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The answer provided by this poster, dated from 2014 (and last edited in 2015) is based on evidence provided by citing Jeremy Crawford and Mike Mearls that was then interpreted to say that what the OP was trying to do was not possible.

The issue is that in 2016, directly addressing exactly the subject that OP was dealing with, Crawford issued a ruling that directly contradicted the rulings that this answer had inferred from context clues. As a result, the top result that shows up in Google searches for this topic, and thus the result that represents this site's opinion on the subject, directly contradicts the official ruling and the rules that players are expected to follow. In essence, that answer is providing false information to players who find it.

What's the appropriate way to handle this? I don't want to punish the person who wrote that answer: they answered it as best as they could given the information that was available at the time, it's not their fault that newer information contradicted them. But conversely, the top result for this query for our site is providing false information. That seems like something that should be fixed.

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marked as duplicate by Sdjz, NautArch, Rubiksmoose, Wibbs, SevenSidedDie discussion Nov 9 '18 at 17:52

This question has been asked before and already has an answer. If those answers do not fully address your question, please ask a new question.

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Post a new answer or upvote another one that has the correct information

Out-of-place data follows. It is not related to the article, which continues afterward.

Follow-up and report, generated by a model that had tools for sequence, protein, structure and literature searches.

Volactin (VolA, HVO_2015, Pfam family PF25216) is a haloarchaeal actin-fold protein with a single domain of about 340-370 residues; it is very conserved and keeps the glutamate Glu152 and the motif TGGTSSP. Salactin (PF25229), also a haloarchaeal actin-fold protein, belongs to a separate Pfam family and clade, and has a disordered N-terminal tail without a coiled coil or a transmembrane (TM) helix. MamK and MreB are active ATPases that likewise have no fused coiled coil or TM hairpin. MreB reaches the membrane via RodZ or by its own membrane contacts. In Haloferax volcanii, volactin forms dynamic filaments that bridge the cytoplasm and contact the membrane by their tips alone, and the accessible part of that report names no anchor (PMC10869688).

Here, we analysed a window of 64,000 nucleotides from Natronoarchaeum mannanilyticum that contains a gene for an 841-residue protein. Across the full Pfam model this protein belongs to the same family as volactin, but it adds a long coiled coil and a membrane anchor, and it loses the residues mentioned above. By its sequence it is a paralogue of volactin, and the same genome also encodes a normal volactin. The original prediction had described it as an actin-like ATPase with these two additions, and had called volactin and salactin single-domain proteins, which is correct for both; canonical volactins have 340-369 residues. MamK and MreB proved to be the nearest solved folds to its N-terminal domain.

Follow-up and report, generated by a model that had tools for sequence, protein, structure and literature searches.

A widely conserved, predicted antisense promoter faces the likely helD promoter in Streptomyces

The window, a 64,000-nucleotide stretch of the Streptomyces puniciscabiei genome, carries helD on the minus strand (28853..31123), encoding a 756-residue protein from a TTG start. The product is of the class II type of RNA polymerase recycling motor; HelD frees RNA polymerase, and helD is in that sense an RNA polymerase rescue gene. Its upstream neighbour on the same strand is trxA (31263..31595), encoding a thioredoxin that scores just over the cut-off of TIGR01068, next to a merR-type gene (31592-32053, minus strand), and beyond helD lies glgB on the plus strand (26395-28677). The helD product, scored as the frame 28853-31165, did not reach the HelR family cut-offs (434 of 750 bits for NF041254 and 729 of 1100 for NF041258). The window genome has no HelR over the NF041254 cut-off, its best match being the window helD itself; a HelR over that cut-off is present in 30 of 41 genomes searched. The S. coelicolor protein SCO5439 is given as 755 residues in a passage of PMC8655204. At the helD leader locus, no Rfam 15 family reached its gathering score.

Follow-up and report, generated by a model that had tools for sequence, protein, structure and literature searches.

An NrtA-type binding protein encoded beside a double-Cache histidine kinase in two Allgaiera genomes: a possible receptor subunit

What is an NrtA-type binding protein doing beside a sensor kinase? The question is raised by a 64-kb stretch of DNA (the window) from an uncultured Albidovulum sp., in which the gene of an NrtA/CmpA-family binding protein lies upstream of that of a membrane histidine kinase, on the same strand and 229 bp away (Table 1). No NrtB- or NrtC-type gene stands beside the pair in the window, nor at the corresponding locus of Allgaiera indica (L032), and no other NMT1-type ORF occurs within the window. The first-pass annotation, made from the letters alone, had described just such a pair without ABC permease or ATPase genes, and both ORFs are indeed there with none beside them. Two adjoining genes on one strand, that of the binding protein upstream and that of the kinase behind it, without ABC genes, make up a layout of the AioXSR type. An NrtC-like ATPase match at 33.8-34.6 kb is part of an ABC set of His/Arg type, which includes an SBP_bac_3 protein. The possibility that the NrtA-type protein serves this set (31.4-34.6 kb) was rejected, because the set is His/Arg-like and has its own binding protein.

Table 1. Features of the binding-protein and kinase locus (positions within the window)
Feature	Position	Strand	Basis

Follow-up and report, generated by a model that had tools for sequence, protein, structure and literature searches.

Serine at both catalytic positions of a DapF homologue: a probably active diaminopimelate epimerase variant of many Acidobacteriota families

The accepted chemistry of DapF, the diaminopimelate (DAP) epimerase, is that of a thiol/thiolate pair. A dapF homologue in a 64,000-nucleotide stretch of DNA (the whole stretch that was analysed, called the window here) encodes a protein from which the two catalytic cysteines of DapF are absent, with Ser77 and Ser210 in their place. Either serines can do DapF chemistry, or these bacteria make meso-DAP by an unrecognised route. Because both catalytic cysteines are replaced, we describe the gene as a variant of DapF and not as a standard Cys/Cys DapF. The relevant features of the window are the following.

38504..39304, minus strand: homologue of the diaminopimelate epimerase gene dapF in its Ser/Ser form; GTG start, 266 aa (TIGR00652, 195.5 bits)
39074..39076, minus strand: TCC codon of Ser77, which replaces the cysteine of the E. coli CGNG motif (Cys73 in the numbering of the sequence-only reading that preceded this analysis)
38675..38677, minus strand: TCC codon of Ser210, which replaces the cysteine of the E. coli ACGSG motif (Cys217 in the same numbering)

Because of the influx of new content/rulings, answers can often change in what is the best/most correct answer. That is fine. SE has systems set up for this: post a new answer with the correct information. When you do so the question will be kicked up in the queue for review and new eyes will see it and vote on your post accordingly.

You can also start a bounty to get more eyes on the post. With a custom bounty message you could even indicate that the top answer seems to be inconsistent with new rulings and people can vote accordingly.

In this case, commenting to the selected answer will probably not yield any effects since they haven't been active for 4 years, but leaving a comment for the querent (who was active very recently) saying that new information has emerged might get them to relook at the answers. Also posting an answer should also notify them about action on their question.

The point of voting

Not to be a jerk, but the point of voting is not to reward/punish posters but to sort content such that the best content flows up to the top and the worst content gets sent to the bottom. The poster's feelings or the amount of control they have over the correctness of their answer should not, in my opinion, be a huge factor in voting. There are many good faith answers posted to this site that are entirely incorrect and it is the job of the voting system (and by extension us, the voters) to sort those answers out. Vote on the content, not the poster.

In this particular case, the user has not been active for 4 years. It seems unlikely that a few downvotes are going to weigh heavily on their mind.

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    \$\begingroup\$ Re: your last paragraph I've been in the position before of posting an answer, being undercut by JC & co., and being thankful to the downvotes acting to draw my eye to the Q/A and prompting me to delete or heavily modify the existing answer. \$\endgroup\$ – nitsua60 Nov 9 '18 at 17:39

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